Looking for love in all the wrong places
Despite the commercialism and veneer of Christian tradition on the celebration of Valentine's Day, the underlying theme of love is a fit message for everyone. But unlike the hit and miss darts of Cupid, real love is not a transient emotion that strikes randomly out of the blue.
Godly love does pierce the soul, but it prompts change and action. It’s not just a feeling, not a weakness – it’s not an Achilles heel. It is not selfish – and it is not a trap or a mistake.
BUT, let us make the distinction here between love and romance.
Valentine’s Day, its roots a protest against Roman soldiers having to go to war without the benefit of marriage and familial support, eventually slung its hook on romance rather than on commitment and enduring love.
Our culture idolises romantic love in music, TV and movies. Boy meets girl, girl is smitten by boy, young loves meets trouble, and either triumphs, or burns up in flame….Songs are penned on triumphant love, or tragic loss…as they did from Shakespeare’s time and before. The main theme of films and movies is romance, whether fulfilled or trampled on. So love strikes, out of the blue, and the audience laps up the emotion. The fleeting state is adored while it lasts.. which is generally till the end of the movie or storyline.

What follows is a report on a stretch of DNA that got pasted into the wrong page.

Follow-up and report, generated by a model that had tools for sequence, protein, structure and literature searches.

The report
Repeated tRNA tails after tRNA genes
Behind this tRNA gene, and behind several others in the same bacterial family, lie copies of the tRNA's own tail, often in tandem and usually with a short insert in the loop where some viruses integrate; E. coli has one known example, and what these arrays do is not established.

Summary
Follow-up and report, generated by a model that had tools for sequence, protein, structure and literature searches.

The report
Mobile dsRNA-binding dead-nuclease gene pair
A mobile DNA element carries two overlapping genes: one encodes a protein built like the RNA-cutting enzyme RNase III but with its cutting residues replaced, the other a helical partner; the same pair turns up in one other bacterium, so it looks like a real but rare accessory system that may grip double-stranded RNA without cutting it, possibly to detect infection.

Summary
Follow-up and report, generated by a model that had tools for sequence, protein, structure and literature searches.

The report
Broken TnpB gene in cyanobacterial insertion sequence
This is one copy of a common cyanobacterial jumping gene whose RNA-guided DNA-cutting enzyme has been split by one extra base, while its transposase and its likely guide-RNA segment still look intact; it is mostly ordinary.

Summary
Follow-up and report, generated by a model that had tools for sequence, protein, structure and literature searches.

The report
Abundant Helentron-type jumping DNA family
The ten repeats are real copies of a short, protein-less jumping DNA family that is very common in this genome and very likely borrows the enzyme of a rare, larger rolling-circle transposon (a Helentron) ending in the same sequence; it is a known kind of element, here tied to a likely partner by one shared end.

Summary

But is this what real love is all about? Fleeting romance, adoration, physical satisfaction, emotional connection, and more… are these all the elements for enduring love between couples? Can love have elements of romance and realism, or does the dose of reality kill romance? Is romance necessary to a loving relationship? Is it the main, or most important, part of love?
Somehow, I think Valentine would have been appalled by romance being the primary component of love. As a marriage celebrant, he would have appreciated an enduring type of love and the dedication and commitment involved.
But the modern St Valentine’s day celebration has focused on the courtship, and not the longevity and commitment of a relationship. In the culture of our society, Valentines day has been more a day for dating couples, and wannabes, than married couples. It is now a day looking at the excitement of a new connection as opposed to the union and long term bonding of two people. The trivialisation and comedy of romance has eroded the concept of commitment in love and of marriage.
While romance supports love, it does not replace love. The foundation of love and commitment will support romantic expression between couples. Love is a far bigger concept and emotion than Valentine’s Day can hold. Read more on love in I Corinthians 13.